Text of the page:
Kenya plans how to get to last 25% without energy in the next 3 years, with renewables

January 15th, 2019 by  on Clean Technica: Kenyan Electrification Plan Could Achieve Universal Access By 2022

Approximately 75% of Kenyans have access to electricity from grid and off-grid sources, according to the World Bank, but the Kenyan government wants to increase that to 100% by 2022. The Kenya National Electrification Strategy (KNES) references mini-grids, independent solar power plants, and off-grid technology as options to utilize. About 49 million people live in Kenya, and most of them are in rural areas.

“Tremendous achievement in scaling up connectivity has been made over the last few years. Total access to electricity now stands at 75%. However, there was a need to come up with a new National Electrification Strategy to deal with the challenges of bringing the entire country under electrification in an economically viable manner,” stated Hon. Charles Keter, Cabinet Secretary of the Ministry of Energy.

Universal access is part of the country’s development roadmap to turn it into a middle-income country. Electrification can help move the country forward to bring about greater manufacturing, food security, affordable housing, and universal healthcare. Geospatial technology will be used to help generate objective data for electrification planning.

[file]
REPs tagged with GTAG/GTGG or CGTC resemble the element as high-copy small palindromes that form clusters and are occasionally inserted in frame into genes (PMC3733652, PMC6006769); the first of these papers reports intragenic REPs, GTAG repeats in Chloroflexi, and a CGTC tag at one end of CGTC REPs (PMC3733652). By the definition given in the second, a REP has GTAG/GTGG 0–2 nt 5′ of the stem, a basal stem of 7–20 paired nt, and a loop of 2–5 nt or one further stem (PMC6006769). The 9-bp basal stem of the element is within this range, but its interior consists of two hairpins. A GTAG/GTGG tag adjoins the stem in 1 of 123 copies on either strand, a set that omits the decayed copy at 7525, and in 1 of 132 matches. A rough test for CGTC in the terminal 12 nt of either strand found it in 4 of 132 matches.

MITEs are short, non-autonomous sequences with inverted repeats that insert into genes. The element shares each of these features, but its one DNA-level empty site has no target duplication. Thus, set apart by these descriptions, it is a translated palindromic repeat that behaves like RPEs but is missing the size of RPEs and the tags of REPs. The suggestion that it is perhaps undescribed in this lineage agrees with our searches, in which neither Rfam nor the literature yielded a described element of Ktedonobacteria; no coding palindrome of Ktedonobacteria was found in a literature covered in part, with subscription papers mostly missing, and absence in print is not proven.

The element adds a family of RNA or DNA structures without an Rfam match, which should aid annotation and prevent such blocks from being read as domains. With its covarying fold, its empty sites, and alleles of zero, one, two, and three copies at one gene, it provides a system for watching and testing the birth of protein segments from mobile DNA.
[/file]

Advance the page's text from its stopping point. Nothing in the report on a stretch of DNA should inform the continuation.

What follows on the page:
The World Bank press release states that over the next 5 years, there may be $14.8 billion in Kenyan energy investment opportunities. Kenya has plenty of renewable energy potential — geothermal alone could be 10 gigawatts (GW). One source states the wind power potential is at least 1 GW, and that large scale hydro-electric’s potential there is 1,500 megawatts (MW). Installed solar power currently is at about 2 MW, according to one source, but the country could readily get to 150 to 250 MW.

USAID pegs Kenya’s installed electricity capacity at 2,351 MW and mentions the Power Africa 2030 pipeline has over 3,200 MW.

Many Kenyans still use kerosene in lamps for indoor lighting, but doing so results in harmful and sometimes deadly fires. Burning kerosene also generates toxic indoor air pollution. The development of clean, renewable energy is generally regarded as environmentally beneficial, because it is, but it can also improve human health by reducing or even eliminating toxic emissions in the air we breathe.

Image Credit: Masai29, Wikipedia, Public domain